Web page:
Connections in the Acadian fiddling style.
Hi, I’m Mitch Reed and my vlog this week is on the connection with the Acadian and the New England fiddle styles with Cajun and Creole music down here. I just recently took a trip up to Maine and hung out with some great fiddlers up there and also went to this amazing organization called Fiddle-icious that was a lot of fun and got invited to play at the main fiddle camp. So I’m really excited and just wanted to talk a little bit about some of the tunes that I learned up there. I learned a few New England tunes and had some fun with taking a New England tune and playing it as a medley with an old Dennis McGee tune and how well the two of those tunes go together. So I’ll play that. So it’s a tune that I learned called “Blue Bird” and it’s a New England fiddle tune. And just just for those of y’all who don’t know, the New England fiddle style is a combination of Old English, Irish, Scottish tunes and little bit of Quebecois influence there, Acadian influence, maybe even some New Brunswick influence. And but just old fiddle music that was there at the time when the colonies were being formed and what early Americans were playing and dancing to. So this one is called “Blue Bird” and then I’m going to go into a McGee tune. So it goes like this. [01:35]
Alright. So that’s a lot of fun. So that was a “Blue Bird” and then I went into “One-Step de McGee”. Just, it’s interesting how that old Dennis stuff, always trying to find more about where maybe that stuff came from. If it was from Appalachia or if it was from Ireland because he was a McGee or if it was from New England. So I kind of found a connection with some of the tunes in New England to some of the tunes that are actually played down here. There was another tune that Cheese Read played that he just called “The Empty Bottle Stomp”. But I also found that there was a tune up in New England that’s very, very close. So just some things like that. Of course it’s called, you know, a different title. But this was a tune that always felt like it was connected to Acadia.
And it was these two brothers who were actually turtle… They would catch turtles. They were turtle fishermen, I guess is what you would call that. And I wouldn’t say turtle farmers, but they were turtle fishermen in Cameron Parish and they played the fiddle. And Mike Doucet learned this tune from them. And they just called it “The Acadian Waltz”. And so, you know, I definitely feel like this style comes from maybe, you know, the area of New Brunswick or Nova Scotia or New England. So it goes like this, a beautiful tune. [05:32]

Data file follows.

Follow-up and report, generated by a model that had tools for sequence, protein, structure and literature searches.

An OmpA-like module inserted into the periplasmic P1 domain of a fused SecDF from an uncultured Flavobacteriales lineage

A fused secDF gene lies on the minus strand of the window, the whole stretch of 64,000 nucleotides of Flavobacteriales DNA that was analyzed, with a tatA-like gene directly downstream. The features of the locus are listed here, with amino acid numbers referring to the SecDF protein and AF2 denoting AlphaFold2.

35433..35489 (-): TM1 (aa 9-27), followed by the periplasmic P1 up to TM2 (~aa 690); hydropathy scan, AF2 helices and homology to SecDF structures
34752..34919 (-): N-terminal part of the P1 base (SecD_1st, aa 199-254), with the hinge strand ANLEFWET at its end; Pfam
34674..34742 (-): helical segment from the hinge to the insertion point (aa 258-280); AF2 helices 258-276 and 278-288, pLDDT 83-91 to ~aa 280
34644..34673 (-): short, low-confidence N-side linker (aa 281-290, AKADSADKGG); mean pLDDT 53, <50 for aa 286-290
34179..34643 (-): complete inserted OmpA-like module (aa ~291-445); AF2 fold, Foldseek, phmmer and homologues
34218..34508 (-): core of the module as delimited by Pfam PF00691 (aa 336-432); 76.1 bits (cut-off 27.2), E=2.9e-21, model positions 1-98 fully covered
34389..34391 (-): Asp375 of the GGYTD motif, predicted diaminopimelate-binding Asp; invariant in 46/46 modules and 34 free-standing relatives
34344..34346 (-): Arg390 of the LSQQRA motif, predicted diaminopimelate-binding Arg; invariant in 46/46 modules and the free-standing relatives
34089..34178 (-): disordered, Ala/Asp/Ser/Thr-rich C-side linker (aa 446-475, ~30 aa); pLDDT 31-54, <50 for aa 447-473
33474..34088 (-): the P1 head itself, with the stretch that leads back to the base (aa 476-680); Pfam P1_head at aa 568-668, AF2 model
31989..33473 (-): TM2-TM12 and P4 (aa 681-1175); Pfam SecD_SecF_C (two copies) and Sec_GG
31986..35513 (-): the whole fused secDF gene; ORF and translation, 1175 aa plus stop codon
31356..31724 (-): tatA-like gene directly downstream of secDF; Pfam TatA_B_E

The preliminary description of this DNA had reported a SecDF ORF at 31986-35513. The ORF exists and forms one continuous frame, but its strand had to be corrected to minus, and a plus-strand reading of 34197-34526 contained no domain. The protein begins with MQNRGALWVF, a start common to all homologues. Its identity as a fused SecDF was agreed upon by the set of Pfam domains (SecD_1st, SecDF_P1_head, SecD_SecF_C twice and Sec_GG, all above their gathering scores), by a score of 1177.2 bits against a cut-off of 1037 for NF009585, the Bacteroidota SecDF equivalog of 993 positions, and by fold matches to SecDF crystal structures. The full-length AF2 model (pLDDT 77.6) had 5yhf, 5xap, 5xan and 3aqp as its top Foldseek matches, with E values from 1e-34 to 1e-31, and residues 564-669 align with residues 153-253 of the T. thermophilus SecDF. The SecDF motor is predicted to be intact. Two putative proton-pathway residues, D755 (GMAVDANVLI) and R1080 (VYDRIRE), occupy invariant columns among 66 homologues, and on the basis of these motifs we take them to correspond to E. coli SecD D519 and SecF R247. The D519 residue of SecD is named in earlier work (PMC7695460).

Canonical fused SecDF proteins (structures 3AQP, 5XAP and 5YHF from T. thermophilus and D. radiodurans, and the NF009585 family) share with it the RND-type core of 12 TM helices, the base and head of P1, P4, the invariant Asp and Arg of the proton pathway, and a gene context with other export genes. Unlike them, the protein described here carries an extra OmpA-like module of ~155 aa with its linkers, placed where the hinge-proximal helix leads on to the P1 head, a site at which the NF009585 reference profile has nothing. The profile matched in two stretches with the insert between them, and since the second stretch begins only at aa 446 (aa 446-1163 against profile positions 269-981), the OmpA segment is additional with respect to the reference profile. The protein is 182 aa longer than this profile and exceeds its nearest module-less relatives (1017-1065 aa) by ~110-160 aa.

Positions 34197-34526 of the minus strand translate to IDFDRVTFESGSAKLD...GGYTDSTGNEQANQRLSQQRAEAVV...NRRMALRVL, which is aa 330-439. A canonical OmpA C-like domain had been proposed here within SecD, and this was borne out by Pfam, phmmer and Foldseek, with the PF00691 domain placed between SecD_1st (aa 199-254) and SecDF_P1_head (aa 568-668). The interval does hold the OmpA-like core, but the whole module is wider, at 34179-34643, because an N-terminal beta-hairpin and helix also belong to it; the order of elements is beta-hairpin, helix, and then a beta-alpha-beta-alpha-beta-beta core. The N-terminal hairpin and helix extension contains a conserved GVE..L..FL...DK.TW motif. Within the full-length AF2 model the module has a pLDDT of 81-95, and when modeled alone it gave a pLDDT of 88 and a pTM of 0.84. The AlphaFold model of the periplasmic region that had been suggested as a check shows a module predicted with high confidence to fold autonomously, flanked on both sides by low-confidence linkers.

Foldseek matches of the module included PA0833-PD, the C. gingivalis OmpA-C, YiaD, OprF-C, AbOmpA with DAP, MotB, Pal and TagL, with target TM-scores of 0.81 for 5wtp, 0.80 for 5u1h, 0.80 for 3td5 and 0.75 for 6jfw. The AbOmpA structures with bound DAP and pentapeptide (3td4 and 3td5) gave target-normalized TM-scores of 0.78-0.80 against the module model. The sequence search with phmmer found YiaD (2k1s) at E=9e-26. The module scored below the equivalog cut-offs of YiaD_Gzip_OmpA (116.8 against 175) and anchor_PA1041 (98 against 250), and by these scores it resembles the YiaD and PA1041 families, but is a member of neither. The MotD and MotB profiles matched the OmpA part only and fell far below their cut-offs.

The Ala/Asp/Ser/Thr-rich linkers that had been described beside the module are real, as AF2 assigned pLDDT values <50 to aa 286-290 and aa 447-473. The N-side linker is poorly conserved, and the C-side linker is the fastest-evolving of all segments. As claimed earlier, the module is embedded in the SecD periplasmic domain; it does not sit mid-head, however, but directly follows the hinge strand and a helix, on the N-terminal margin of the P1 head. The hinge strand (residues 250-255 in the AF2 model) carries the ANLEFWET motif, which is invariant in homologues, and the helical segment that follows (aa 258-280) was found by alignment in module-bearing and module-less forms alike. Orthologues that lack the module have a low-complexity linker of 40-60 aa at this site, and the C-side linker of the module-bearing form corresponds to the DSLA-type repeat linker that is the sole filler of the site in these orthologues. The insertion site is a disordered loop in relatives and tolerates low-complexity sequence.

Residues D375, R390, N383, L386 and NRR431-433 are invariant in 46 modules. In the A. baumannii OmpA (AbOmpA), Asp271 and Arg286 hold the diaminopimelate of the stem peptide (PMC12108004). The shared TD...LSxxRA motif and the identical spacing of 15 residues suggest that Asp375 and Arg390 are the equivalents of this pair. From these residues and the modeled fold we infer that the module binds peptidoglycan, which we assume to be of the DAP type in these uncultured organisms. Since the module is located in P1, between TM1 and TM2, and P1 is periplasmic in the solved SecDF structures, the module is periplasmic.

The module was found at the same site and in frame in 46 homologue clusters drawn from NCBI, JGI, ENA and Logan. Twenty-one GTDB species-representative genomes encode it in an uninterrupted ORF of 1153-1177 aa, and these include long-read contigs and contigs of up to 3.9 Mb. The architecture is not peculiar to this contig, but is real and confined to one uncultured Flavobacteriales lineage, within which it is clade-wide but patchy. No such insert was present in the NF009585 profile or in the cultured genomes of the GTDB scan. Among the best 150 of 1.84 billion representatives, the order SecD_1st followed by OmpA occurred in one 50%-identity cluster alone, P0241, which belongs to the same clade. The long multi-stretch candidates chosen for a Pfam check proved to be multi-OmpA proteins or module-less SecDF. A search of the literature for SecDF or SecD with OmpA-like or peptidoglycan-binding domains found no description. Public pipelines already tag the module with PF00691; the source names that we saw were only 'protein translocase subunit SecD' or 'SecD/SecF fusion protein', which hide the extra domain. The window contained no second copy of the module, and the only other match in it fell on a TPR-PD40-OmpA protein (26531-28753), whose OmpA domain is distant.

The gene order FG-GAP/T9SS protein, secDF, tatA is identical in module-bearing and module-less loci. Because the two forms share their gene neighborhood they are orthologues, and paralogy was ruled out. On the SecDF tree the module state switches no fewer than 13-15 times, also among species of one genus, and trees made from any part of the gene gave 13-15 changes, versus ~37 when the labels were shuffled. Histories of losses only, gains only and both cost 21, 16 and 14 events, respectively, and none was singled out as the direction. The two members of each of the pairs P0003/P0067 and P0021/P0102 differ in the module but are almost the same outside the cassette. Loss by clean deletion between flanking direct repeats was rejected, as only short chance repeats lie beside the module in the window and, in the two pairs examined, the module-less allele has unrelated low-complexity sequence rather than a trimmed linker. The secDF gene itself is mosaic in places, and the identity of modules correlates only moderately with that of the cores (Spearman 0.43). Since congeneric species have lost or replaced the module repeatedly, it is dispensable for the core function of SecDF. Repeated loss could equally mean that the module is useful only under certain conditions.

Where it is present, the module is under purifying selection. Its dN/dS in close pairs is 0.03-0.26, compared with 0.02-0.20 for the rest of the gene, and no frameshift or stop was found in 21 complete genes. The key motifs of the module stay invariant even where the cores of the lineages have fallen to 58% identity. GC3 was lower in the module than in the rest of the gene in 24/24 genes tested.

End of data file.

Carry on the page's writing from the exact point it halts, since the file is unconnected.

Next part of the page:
Yeah! So thanks to Michael Doucet for recording this tune and passing it on. I learned it from him. Just an old style that was around down, we’re talking to the Gulf coast of Louisiana. So two turtle fishermen that played that tune. Allemond was their last names. They said it was an Acadian style tune or Acadian fiddle tune that they had learned that had been passed down in their family. So a definite connection with Louisiana and New England, Nova Scotia, New Brunswick, Quebec and all that area. So I went up there for a trip and learned a lot. I got really inspired, hung out with great fiddlers, one fiddler, Pam Weeks, fantastic Cajun Fiddler and a New England Fiddler. And she brought me to Fiddle-icious, had a great time, loved the area and I think I want to move there so I might be moving there. So look out. And would love to definitely study more about Acadian fiddling and New England fiddling. Cause there is a definite connection with the old fiddle tunes down here. So a lot of fun.
So I’ll leave it with a fiddle tune from Cheese Read, one of my cousins from Mamou and this was another one that may possibly be from that area. And he just called it the “Empty Bottle Stomp”. It goes like this. [09:28]
Alright. Thank you so much for joining me today! I’m saying hello to Pam Weeks, all my good friends up there who inspired me so much to find an interest in New England fiddle style and a connection with Acadia and Louisiana and the Cajun music and the Creole music of Southwest Louisiana. So stay inspired. Keep on fiddling and hope to see you out there soon. Thanks so much.